There’s a reason so many people are moving from the city to the Hudson Rivertowns…
Haven’t made your way to the Rivertowns? If you’re considering the Westchester suburbs, these towns are a must-see. Between the total walkability to vibrant town centers, amazing restaurants, and easy access to the city, these communities have it all. Here’s where – and what – to consider as you’re exploring the Rivertowns.
Want suburban living with a decidedly Brooklyn edge? Hastings-on-Hudson has long attracted creative types — think writers, artists and musicians — and is one of only nine silver-certified Climate Smart Communities in New York state.
Eleven parks are packed into this 3-square mile village, including Kinnally Cove and MacEachron Waterfront Park, which offer jaw-dropping views of New York City, the Palisades, and the Hudson River. The village’s steep, narrow streets are home to a mix of Tudor-, colonial-, and cape-style single-family homes, many with direct river views.
While you’re visiting, be sure and hit up the Hastings Farmers Market before strolling through the charming (and chain-free!) downtown. Working up an appetite? Grab a coffee and quick bite at Antoinette’s Patisserie or a glass of wine from the terrace at Harvest on Hudson.
2) Dobbs Ferry
Though just north of Hastings-on-Hudson, Dobbs Ferry has its own unique feel. This 11,000-person village has a walkable downtown with plenty of restaurants, shops, and galleries.
If you’re planning to spend the day in Dobbs Ferry, be sure and add “take a hike” to your agenda – specifically, heading to the 76-acre Juhring Nature Preserve for a jog, stroll, or bike ride across the Old Croton Aqueduct that runs through town. And while you might come for the views, be sure and stay for the food. Popular restaurants include The Cookery, an Italian gastropub that is a 2021 Michelin Bib Gourmand pick, and Sushi Mike’s, which is consistently named one of the best sushi restaurants in Westchester.
Complete your visit by taking in a sunset over the Hudson at Waterfront Park, home to playgrounds, walking paths, a covered stage, fishing pier, exercise equipment, a boat dock, and picnic areas.
Despite being less than three square miles, Irvington truly packs a punch. The historic town has an Americana vibe, with a library, fire station, shops, restaurants, and the celebrated Irvington Town Hall Theater all within blocks.
As with other Rivertowns, the Hudson is the heart of the town: you’ll get unobstructed views of the river from anywhere on Main Street. Matthiesen Park — open only to residents — and Scenic Hudson Park offer easy river access, along with breathtaking views of the Tappan Zee Bridge and Manhattan. Locals also love Red Hat on the River, a waterfront bistro that serves up classic American fare with an upscale twist.
Washington Irving may have given the neighboring town of Sleepy Hollow its name, but it was Tarrytown that he chose to call home. Sunnyside, Irving’s meticulously restored 10-acre estate, is one of the must-sees on any tour of Tarrytown, along with Lyndhurst Mansion, a castle-like estate on the Hudson that was once home to railroad tycoon Jay Gould.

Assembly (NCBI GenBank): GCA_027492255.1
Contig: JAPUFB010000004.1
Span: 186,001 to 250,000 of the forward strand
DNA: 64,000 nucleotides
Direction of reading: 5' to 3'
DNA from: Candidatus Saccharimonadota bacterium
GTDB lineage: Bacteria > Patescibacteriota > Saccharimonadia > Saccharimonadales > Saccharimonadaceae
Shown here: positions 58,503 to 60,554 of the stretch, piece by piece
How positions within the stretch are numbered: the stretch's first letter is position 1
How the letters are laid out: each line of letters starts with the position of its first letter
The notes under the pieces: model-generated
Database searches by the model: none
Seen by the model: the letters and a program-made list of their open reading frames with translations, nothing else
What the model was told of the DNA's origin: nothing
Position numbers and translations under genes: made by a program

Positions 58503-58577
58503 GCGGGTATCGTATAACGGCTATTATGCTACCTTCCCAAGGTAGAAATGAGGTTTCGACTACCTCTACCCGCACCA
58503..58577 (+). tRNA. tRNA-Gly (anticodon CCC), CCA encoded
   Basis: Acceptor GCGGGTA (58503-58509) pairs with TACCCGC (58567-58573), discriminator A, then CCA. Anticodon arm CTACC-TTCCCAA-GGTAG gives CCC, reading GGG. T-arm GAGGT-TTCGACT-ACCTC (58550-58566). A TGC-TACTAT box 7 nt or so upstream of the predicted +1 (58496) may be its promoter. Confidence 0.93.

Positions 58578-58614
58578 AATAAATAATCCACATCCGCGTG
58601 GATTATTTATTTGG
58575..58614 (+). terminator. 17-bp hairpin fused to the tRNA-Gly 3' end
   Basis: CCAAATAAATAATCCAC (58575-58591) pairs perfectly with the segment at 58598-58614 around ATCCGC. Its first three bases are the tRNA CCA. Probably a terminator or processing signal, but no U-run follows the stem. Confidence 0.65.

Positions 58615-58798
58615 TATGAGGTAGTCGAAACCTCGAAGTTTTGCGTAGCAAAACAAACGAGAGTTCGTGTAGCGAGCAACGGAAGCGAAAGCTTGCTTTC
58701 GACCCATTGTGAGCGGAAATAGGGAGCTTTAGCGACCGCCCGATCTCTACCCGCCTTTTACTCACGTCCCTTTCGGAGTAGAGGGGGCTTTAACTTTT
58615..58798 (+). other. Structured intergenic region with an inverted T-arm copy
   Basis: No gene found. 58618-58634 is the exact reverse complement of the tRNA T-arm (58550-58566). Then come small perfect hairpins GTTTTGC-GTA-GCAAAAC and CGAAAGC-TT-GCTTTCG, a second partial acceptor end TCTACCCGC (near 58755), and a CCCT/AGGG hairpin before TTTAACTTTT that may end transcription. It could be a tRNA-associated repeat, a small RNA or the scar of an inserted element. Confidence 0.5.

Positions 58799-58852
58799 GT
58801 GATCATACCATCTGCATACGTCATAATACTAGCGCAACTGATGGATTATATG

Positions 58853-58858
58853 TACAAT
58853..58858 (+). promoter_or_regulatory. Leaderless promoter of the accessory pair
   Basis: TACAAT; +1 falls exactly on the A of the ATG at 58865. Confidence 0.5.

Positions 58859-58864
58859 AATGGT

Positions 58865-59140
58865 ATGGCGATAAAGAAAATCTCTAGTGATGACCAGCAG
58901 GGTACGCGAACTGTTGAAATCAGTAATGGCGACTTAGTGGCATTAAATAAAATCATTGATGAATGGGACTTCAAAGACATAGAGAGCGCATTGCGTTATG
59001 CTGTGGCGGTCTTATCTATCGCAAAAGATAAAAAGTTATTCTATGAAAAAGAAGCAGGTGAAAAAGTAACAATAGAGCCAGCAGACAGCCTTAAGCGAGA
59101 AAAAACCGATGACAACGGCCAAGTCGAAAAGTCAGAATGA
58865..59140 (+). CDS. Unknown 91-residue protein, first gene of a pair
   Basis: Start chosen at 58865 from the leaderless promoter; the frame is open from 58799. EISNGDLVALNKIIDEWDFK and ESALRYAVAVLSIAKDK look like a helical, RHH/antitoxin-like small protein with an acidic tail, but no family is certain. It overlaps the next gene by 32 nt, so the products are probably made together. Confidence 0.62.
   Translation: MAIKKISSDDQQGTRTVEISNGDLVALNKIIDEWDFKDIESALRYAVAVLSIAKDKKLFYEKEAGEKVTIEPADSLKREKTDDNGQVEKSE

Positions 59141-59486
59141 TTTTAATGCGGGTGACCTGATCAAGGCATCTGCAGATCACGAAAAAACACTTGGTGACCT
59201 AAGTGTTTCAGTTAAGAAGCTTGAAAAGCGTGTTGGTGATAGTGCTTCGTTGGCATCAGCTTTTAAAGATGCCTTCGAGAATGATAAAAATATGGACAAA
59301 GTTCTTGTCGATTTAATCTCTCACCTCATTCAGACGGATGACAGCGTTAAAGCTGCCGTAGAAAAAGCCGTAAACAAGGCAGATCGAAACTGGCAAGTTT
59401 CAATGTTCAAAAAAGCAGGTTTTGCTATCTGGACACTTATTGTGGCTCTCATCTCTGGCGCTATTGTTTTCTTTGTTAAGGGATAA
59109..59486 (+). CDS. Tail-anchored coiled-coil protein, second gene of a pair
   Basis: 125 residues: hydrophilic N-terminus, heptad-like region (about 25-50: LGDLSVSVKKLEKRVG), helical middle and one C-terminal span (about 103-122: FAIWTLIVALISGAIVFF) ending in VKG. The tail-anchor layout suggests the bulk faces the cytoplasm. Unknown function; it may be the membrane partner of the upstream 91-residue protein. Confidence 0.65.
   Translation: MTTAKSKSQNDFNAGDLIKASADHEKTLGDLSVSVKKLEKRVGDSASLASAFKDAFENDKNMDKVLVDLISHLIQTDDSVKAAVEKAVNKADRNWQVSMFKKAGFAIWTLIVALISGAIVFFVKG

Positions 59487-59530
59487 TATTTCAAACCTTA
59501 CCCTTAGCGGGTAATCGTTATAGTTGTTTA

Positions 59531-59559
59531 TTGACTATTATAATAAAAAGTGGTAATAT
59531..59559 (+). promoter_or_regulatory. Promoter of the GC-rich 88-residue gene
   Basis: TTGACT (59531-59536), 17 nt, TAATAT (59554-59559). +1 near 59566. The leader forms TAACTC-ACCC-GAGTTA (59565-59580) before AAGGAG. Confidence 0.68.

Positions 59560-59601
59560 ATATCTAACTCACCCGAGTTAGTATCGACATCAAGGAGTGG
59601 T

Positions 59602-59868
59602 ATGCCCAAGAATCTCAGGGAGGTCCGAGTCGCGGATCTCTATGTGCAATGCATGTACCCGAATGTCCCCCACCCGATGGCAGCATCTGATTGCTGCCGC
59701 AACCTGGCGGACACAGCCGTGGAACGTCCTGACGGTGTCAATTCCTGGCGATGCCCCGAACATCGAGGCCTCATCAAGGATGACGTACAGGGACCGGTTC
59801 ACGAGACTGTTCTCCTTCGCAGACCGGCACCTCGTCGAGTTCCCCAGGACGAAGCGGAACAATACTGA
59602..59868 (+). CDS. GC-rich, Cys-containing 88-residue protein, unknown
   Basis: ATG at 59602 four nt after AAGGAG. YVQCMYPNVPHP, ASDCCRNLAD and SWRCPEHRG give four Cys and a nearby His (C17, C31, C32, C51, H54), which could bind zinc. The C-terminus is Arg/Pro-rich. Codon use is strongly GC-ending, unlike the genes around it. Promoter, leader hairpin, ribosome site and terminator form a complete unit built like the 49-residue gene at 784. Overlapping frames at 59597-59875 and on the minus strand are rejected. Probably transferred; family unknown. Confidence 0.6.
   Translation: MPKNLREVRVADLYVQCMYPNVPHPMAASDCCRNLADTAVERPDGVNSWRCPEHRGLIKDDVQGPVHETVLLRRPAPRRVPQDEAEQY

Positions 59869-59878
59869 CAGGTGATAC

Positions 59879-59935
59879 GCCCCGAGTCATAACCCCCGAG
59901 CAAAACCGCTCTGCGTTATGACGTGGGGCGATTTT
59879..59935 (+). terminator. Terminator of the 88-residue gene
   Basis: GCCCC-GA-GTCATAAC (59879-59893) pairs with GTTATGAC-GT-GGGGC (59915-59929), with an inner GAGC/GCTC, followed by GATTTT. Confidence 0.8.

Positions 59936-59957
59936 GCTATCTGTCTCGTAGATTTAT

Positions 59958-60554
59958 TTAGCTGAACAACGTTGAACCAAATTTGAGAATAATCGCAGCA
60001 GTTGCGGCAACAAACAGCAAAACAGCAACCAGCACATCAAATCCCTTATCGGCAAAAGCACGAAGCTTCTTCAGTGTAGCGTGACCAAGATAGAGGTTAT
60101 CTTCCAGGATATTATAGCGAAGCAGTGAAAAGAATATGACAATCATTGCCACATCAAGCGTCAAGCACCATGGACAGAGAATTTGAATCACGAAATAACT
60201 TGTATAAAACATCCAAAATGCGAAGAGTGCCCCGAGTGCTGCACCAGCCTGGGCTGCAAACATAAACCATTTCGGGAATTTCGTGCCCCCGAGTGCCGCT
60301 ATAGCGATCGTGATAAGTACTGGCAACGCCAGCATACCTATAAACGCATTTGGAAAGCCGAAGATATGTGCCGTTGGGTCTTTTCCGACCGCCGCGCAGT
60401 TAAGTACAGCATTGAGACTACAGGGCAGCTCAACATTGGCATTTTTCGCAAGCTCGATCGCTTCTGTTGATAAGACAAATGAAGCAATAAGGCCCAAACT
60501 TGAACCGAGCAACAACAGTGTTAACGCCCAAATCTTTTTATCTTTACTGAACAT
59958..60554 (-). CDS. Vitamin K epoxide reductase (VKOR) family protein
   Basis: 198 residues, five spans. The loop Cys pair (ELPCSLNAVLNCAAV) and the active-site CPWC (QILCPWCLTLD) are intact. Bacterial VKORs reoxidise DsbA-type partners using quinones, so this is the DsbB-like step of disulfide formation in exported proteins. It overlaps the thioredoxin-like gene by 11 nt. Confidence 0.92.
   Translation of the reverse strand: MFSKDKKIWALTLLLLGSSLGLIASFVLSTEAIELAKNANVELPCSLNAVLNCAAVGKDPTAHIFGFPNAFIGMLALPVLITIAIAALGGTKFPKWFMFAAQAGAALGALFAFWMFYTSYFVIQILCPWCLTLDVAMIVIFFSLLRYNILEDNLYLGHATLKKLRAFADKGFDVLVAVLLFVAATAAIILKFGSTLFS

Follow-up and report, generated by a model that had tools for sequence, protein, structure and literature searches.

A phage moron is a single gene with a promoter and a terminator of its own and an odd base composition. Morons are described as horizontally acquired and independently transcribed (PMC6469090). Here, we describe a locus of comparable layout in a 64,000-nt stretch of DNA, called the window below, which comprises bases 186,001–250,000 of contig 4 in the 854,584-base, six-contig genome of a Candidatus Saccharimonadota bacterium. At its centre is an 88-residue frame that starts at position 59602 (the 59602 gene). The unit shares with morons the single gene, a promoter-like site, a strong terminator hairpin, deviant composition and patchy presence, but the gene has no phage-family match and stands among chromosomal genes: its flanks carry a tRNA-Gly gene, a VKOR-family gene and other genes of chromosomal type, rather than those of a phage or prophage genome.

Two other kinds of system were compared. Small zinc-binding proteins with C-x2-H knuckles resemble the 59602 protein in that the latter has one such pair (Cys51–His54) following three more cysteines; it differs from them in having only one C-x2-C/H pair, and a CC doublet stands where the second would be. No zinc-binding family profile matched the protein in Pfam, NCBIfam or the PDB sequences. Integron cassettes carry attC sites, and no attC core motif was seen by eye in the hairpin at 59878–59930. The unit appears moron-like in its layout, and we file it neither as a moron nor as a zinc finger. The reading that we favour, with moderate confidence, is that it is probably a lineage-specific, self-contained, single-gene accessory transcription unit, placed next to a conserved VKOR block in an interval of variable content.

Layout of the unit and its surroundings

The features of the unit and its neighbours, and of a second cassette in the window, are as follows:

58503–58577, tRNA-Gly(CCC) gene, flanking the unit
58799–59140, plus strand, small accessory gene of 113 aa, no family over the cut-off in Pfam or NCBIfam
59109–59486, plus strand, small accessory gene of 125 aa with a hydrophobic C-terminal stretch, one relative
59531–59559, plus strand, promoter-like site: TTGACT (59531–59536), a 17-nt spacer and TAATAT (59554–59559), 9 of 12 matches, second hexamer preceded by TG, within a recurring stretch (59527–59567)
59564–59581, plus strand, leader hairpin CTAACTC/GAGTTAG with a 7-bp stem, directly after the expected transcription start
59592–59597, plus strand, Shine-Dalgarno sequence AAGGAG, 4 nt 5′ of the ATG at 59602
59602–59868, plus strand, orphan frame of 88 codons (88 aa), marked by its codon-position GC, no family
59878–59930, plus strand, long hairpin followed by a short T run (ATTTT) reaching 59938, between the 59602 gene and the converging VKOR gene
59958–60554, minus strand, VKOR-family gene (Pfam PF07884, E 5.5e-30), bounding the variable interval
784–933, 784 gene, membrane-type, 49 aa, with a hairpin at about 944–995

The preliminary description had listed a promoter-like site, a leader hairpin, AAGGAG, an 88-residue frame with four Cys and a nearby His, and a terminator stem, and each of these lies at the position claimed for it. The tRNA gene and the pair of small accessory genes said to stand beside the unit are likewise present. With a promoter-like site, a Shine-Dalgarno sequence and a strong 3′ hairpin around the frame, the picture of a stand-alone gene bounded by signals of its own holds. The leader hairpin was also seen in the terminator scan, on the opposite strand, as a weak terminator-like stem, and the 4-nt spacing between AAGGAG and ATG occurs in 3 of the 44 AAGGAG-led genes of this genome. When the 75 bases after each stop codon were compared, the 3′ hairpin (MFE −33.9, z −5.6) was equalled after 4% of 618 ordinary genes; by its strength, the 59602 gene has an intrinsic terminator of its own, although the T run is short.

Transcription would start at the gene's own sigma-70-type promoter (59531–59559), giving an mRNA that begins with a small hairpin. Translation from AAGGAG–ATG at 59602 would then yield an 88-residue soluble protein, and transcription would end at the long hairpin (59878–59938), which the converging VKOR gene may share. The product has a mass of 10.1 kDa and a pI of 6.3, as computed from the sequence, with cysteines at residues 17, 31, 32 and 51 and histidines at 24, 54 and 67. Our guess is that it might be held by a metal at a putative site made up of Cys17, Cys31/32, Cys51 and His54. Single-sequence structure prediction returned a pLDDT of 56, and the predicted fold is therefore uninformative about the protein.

But there’s so much more to Tarrytown than history. Tarrytown is, hands down, one of the most bustling Rivertowns. The downtown is lined with coffee shops, bars, and music venues, where you can check out local performers and more. Or, catch a show at the Jazz Forum, then head to RiverMarket Bar and Kitchen for an expertly crafted cocktail and farm-to-table fare.
There are endless water views in Croton-on-Hudson. The northernmost village on our list, Croton is where the Croton River flows into the Hudson – and that waterfront connection is central to life in this community.
There’s lots to do, including a stretch of River Walk, the planned 51.5-mile pathway that will eventually link villages all along the Hudson River. In the warmer months, take a dip at Silver Lake Park on the Croton River or, when it’s cold, ice skate at Duck Pond Park, or camp, hike and kayak at Croton Point Park, a 500-acre peninsula that juts into the Hudson River.
And when you aren’t hitting the waterfront? Check out the charming downtown, which hosts community concerts, art shows, parades, and other events throughout the year. For a taste of local life, stop in at the old-school Croton Colonial Diner, which has been serving all-day breakfast since 1970, grab a cone at The Blue Pig ice cream shop, or dig into fresh seafood with a side of river views at Ocean House Oyster Bar and Grill.
Like Paris’ left bank is known as being more bohemian, Nyack, on the left bank of the Hudson, has long been known as a more laid-back, relaxed community.
Nyack has long been home to writers, actors, and artists, and residents love the picturesque views and eclectic, artsy atmosphere. In just one afternoon you can check out displays of contemporary artists at the Edward Hopper House, check out the vinyl at Main Street Beats, and then peruse the shelves at Pickwick Book Store. Afterwards, pick up a cheese and charcuterie board at Scott & Joe for an impromptu picnic at Nyack Beach State Park or sit down for a leisurely meal at The Hudson House of Nyack on Main Street, famous for its Black Bottom Banana Cream Pie and Butterscotch Pudding.
Ready to explore the Rivertowns? Get in touch and schedule your strategy session now.